COVID-19, Scapegoats, and People of Faith
It seems that with every disaster scapegoats are required. We need someone to blame. In the Medieval period, Jews were often the target during plagues. They seemed not to get as sick as their Christian neighbors, so they must be causing the epidemic. If they are the cause, then they must be dealt with severely. That usually led to torture and even death. After 9-11, all Muslims in America became suspect. Many were targeted with invective and even violence. Since the stereotypical Muslim wore a turban, many Sikhs were attacked as well. It seemed that many Americans needed someone to take their anger out upon.
This time around, with the global spread of the Covid-19 Coronavirus, hitting the United States, it is the Chinese who are the scapegoats. After all, it was in Wuhan, China that the virus seems to have first broke out. Thus, anyone who is Chinese is to be blamed for its spread. We’ve heard persons from the President on down speak of this as the “Chinese Virus.” Politicians have called this the “Kung Flu” and suggested that this was caused because Chinese people eat bats (they don’t). It did spread from animals to humans, but as far as I know, the links haven’t been proven. Nevertheless, it doesn’t really matter how it started.
I decided to download a Kindle version of Daniel Defoe’s A Journal of the Plague Year, in which he gives an account of the plague that hit Europe in 1664. He writes there about its origins and its implications:
It was about the beginning of September, 1664, that I, among the rest of my neighbours, heard in ordinary discourse that the plague was returned again in Holland; for it had been very violent there, and particularly at Amsterdam and Rotterdam, in the year 1663, whither, they say, it was brought, some said from Italy, others from the Levant, among some goods which were brought home by their Turkey fleet; others said it was brought from Candia; others from Cyprus. It mattered not from whence it came; but all agreed it was come into Holland again. [Defoe, Daniel. A Journal of the Plague Year, written by a citizen who continued all the while in London (p. 1). Kindle Edition.]
“It mattered not from whence it came.” That is true today as it was then.
Unfortunately, this “need” for a scapegoat, has led to suspicions concerning persons who are Chinese, including Chinese Americans. As you might expect, this extends to anyone who “looks” Chinese, which means anyone who is Asian. So, today Asian and especially Chinese children are being taunted and bullied. A favorite taunt is “bat-eater.” Where do they get this idea? From adults of course, including our politicians.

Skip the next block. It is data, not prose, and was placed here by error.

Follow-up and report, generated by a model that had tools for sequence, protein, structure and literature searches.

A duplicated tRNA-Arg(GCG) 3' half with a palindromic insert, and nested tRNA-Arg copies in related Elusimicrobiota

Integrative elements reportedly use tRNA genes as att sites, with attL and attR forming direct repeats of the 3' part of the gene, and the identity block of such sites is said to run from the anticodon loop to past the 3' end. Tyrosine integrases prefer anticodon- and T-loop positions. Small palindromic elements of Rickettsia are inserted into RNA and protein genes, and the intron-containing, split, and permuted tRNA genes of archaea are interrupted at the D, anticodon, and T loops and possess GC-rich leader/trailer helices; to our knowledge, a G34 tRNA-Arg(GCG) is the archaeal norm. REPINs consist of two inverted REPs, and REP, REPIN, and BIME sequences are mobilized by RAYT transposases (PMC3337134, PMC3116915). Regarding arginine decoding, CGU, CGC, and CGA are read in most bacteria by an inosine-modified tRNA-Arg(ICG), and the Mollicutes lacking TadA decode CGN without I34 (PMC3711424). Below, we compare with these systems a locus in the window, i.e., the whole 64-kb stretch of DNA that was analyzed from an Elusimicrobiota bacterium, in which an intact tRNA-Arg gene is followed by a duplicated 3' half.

Let us not seek scapegoats to blame and to even punish. After all, that’s what we do to scapegoats. We punish them. But, It matters not where it began. What matters is that we have a pandemic on our hands. Our neighbors are getting sick. We might be sick. People are dying. Hospitals are being overwhelmed. Medical personnel are putting their lives at risk treating patients without adequate protection. Instead of seeking scapegoats, let us do all we can to push through to the other side of this pandemic. In the course of this journey with the pandemic, may our better angels appear. In other words, may kindness define our actions in the coming days.
Now is the time for kindness. Kindness among friends and kindness as a national and international policy. Kindness involves the movement from self-interest to care for our family and neighbors to the wider affirmation of community relationships and national well-being to widest commitment to world loyalty. The word “kindness” is connected with the word “kinship.” The pandemic tells us that we are kin and that our well-being depends on kinship with all creation. [Epperly, Bruce G.. Faith in a Time of Pandemic (Topical Line Drives). Energion Publications. Kindle Edition.]
If we who are persons of faith commit ourselves to acts of kindness and neighbor love (and remember how Jesus defined neighbor love in the “Parable of the Samaritan” (Luke 10:25-37) then we will be able to come out of this difficult moment stronger than before. To get there we would be well-advised to follow Jesus’ message concerning the call to love the neighbor by following the example of the Samaritan. That means letting go of the need for the bigotry of seeking to find scapegoats for our current moment of distress.